Up to a certain extent. I think I would agree with the motive that underlies the introduction by the hon. Gentleman of this new Clause. Certainly it would be undesirable if large schemes for introducing new settlers were started in the Dominions, and nothing had been done to meet the needs of the people of those Dominions for settling on the land, or for other employment. I can assure the House, however, that that is the last thing we would think of doing. All through our action in the matter of free passages for ex-service men we have not assisted a single ex-service man unless the authorities in the Dominions concerned were satisfied in view of the labour situation in their Dominion that the man of that particular class could go out and in securing employment not displace a worker already domiciled. It is a very desirable precaution. We shall certainly continue to act on those lines. We do not desire to introduce into the Dominions any undesired class of person. I would not agree to do so from the point of view of those sent out. We should not like to do that if by so doing we might be creating difficulties with the Dominions themselves.

Our whole object is to facilitate cooperation with the Dominions, so that those shall go out who want to go out and for whom there is employment and opportunity, not only in our opinion, but in the opinion of the Dominions and authorities concerned. To that extent I certainly agree with the motive underlying the new Clause. But when it comes to laying down in a new Clause that we shall not enter into any agreement affecting land settlement or passage money or anything of the sort with the Dominion Governments, unless we have satisfied ourselves —I suppose by inquisitorial methods—that they have done their duty by their own citizens, I confess I think it is an unnecessary and an undesirable Clause to add to the Bill.

My own knowledge confirms the view that the Dominion Governments are very much alive to the needs of their own people. If there is temporary and not very large unemployment in certain industries they—if I may use the phrase—put a "stopper" on immigration very quickly. They would not attempt to embark upon large settlement schemes if there were large numbers of their own people willing to go directly on the land for whom they had no provision. They have made very generous provision for all their ex-service men. I think it would be a reflection upon the Dominion Governments to put into the Bill anything of the sort suggested. One word as to the Clause itself. It refers to the "government, authority, or organisation." If this proposed new Clause were added to the Bill it would mean that no municipal authority or provincial authority in the Dominions. or no private or philanthropic organisation, could enter upon any work dealing with settlers from this country unless the particular organisation—and it might be quite a new organisation—had already for a certain time devoted itself to doing something similar for the people of that country. It might be that another similar organisation had devoted itself to working for those domiciled there. That would not, however, meet the requirements of this proposed new Clause. I think under the circumstances, and in view of what I have said as to the policy which the Oversea Settlement Committee will certainly follow in this matter, that the House will agree that this Amendment is unnecessary.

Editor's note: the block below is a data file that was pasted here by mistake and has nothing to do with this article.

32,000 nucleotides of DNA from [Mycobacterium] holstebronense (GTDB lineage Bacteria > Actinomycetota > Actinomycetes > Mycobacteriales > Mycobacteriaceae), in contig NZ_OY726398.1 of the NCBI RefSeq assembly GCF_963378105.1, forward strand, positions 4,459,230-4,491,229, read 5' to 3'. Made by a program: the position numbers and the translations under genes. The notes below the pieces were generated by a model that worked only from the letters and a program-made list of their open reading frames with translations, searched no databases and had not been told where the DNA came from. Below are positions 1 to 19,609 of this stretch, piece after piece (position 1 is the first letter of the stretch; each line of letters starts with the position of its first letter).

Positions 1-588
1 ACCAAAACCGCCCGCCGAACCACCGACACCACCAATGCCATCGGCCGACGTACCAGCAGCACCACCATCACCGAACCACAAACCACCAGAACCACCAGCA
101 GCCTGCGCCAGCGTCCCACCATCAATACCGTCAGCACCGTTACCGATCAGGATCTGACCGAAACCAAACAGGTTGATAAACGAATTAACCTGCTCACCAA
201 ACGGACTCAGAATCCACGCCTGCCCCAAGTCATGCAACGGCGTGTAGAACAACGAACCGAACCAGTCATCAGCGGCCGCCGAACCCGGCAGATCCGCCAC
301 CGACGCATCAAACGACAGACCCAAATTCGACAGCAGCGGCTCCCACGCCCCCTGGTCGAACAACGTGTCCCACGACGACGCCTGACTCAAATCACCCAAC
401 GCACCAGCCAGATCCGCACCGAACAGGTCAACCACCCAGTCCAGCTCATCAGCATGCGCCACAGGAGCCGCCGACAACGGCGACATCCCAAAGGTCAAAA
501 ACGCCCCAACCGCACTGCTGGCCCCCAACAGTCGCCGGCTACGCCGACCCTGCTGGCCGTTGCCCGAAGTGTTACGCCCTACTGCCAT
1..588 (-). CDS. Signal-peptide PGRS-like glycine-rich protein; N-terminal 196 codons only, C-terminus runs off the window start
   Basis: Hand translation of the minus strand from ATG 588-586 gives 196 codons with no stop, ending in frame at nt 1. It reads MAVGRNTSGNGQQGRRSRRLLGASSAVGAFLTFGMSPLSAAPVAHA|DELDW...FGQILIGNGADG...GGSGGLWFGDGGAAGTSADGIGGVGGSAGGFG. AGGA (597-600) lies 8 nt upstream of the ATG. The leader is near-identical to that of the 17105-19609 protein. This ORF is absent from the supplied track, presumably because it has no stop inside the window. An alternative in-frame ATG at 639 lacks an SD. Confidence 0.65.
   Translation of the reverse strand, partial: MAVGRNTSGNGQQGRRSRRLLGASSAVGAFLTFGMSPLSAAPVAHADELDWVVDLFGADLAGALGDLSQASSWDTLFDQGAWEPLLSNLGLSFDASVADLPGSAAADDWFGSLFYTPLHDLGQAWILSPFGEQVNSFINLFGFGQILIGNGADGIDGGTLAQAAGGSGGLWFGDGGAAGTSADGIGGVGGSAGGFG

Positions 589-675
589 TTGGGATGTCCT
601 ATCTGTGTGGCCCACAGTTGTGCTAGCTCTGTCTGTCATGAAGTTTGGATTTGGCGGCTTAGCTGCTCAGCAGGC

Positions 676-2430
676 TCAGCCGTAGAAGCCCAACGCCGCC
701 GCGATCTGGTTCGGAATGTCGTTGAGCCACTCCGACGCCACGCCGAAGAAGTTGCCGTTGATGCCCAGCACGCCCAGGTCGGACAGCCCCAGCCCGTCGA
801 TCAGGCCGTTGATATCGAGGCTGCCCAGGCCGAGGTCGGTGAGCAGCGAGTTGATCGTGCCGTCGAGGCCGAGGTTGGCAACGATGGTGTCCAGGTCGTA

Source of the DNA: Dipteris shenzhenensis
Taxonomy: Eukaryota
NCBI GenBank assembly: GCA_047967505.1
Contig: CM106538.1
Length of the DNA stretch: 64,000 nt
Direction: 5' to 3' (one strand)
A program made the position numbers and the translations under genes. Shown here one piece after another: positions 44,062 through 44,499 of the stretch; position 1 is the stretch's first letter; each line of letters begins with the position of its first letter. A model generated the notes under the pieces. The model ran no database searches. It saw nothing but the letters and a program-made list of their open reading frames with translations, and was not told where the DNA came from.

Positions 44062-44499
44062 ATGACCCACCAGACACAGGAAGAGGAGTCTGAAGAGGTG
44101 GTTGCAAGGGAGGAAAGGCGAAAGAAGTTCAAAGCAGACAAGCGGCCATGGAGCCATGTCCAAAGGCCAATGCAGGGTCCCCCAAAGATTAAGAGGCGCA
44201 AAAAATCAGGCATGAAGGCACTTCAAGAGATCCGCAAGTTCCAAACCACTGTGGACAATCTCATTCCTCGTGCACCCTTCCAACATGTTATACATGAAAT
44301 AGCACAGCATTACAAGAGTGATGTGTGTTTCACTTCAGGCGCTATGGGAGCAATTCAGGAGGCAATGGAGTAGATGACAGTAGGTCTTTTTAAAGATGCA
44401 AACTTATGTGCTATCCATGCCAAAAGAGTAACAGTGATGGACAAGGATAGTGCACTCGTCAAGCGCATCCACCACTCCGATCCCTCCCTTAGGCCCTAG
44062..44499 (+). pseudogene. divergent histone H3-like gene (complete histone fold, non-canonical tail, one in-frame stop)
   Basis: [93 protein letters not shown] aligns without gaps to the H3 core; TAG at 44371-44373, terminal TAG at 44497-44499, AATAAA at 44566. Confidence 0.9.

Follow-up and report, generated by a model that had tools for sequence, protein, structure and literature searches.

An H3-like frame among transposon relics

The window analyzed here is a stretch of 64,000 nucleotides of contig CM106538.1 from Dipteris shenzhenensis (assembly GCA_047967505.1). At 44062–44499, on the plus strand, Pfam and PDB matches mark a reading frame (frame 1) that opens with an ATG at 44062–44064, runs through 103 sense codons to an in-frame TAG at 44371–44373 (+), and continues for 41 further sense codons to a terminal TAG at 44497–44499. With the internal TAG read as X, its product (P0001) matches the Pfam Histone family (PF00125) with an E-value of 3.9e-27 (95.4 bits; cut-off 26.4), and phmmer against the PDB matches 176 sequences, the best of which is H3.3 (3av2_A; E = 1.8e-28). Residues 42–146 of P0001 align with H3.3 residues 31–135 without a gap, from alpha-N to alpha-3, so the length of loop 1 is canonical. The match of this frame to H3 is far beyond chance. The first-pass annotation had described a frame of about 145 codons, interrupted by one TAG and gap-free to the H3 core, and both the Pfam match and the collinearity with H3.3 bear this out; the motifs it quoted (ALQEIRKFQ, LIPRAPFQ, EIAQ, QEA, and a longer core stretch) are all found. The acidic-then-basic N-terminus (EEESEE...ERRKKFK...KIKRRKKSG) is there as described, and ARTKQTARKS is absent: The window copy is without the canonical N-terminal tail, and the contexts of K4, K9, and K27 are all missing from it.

I hope the House understands the motive with which this Amendment is brought forward. We do not want emigrants from this country to have a better chance than the ordinary worker in Australia and Canada. We want it to be quite clear that, wherever they are, workers shall have an equal share of the opportunities. After the statement that we have heard from the hon. Gentleman, I would advise my hon. Friend the mover of the proposed new Clause not to press it to a division. We have made it clear, and the Government have now made it clear, that in this matter of Empire migrants there is to be no preference in any particular part of the Empire.

Question, "That the Clause be read a Second time," put, and negatived.